Honourable Patrick Obahiagbon is famous in his country for obfuscating his oral recitations from the average man. How wise that is remains to be seen.
This guy seems like Nigeria’s own version of Papanii Papafio, just that he has the qualifications to back up his big words.
In the below interview with the Punch newspaper, he displays some of the English prowess which I’m sure everyone hates him for. According to him though, it’s a natural part of who he is. So natural, in fact, he used such words in writing his O’Levels back in the day, and WAEC had to seize his papers, three times.
Read his interview below… if you actually understand him.
What is your educational background
I am by the grace of the celestial choir, a legal practitioner, a public administrator, an international historian and a diplomat. I earned a degree in Law and was called to the Nigerian Bar as a solicitor and advocate of the Supreme Court of Nigeria about 25 years ago and I do also have a double-barreled Master’s degree in Public Administration and in International History and Diplomacy.
Why do you always speak ‘big grammar’?
I am not really consensus ad idem with those who opine that my idiolect is advertently obfuscative. No no no, it’s just that I am in my elements when the colloquy has to do with the pax nigeriana of our dreams and one necessarily needs to fulminate against the alcibiadian modus vivendi of our prebendal political class.
How do you talk to your wife, children and even your friends?
I relate with my family and friends very warmly and in an atmosphere of camaraderie, stripped of my confutational habiliment and gladiatorial homilies. I am a very peaceful, calm, level-headed and celestially attuned soul personality.
Is this the way you proposed to your wife, speaking high tech grammar?
Of course, the business of the day when I interfaced with my wife on matters of the heart had to be in plain Caeser’s language and you can decipher why that had to be so. The matter in view did not permit itself of sphinxian conundrum.
It’s a long time ago, so I can’t remember the exact words I used. We had a relationship for ten years before we got married. We’re looking at close to 20 years ago.
How does your family understand your English?
My family and friends understand me perfectly just the same way you understand me now though, I must admit that it depends on the issues on the piazza.
Is this the way you were speaking in your school days?
I’m sure if you confer with my school mates they will tell you that I no longer speak what those who just know me now call “grammar.” I could speak for about twenty minutes when I was in the university and you won’t understand one word of what I said. I must say I have deteriorated in my grammatical construct.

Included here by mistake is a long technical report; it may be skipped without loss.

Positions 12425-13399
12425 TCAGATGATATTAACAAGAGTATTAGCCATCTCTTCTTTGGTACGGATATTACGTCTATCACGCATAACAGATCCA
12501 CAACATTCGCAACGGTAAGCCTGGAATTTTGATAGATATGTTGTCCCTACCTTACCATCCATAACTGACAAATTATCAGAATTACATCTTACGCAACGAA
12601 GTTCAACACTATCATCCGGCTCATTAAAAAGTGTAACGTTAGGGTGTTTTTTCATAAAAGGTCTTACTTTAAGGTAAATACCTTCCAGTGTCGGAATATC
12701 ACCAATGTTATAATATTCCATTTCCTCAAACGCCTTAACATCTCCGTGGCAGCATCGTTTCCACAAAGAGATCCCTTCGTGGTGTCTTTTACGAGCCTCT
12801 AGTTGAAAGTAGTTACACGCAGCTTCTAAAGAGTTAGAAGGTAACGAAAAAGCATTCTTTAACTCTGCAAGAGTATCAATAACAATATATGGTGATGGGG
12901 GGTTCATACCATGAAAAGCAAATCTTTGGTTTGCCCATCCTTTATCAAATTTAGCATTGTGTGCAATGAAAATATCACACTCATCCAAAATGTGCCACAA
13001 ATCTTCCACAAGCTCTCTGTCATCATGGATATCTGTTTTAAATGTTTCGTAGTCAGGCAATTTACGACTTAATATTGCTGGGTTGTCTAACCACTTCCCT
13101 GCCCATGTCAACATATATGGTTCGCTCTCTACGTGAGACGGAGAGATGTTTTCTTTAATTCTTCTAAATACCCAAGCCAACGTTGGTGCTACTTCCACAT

Did you write exams in school in these big words?
I used such words very-very freely in my exams both at the secondary school and in my university and little wonder I had the misfortune of my English results being seized intermittently in my O’ Levels.
WAEC released my results for the other subjects and withheld my English result. This happened for about three years. Twice, I passed the University Matriculation Examination but I could not proceed to the University because of my English results that were not released. At the end of the day, it was released after the third attempt.
Didn’t you have problems with your teachers?
It no doubt gave me serious issues at the university and that is because some, if not most of my lecturers, ran away with the erroneous impression that my attitudinal predilection had a deprecable tinge of academic braggadocio and intellectual megalomania. But this assumption was both mendacious and a fallacious ad hominem. I could not but take solace in that Latin apothegm which states that O Tempora! O Mores.
Do you pray the same way you speak?
God understands all languages, my brother and I pray to God using any word that pops up. May I posit that the key points in prayers are your sincerity, purity of heart, walking within the compass and to what extent are you ready and worthy of receiving the benediction of the cosmic and the cosmic masters because as we say in mysticism- “when the students are ready, the masters would appear.”
Why do you pull your trousers up beyond the waist?
Hahahaha….That trousers style is called Yohji Yamamoto. It was my own audacious statement to remonstrate against the pervasive tendency of Nigerians especially our youths that took to the practice of putting on trousers exposing their lower anatomical contours and I will do it over and over again.
When you speak to Caucasians of English origin, how do they react to you?
My friends that are whites simply marvel and sometimes get maniacally bewildered when we engage, most times to my consternation.
There is more where that came from…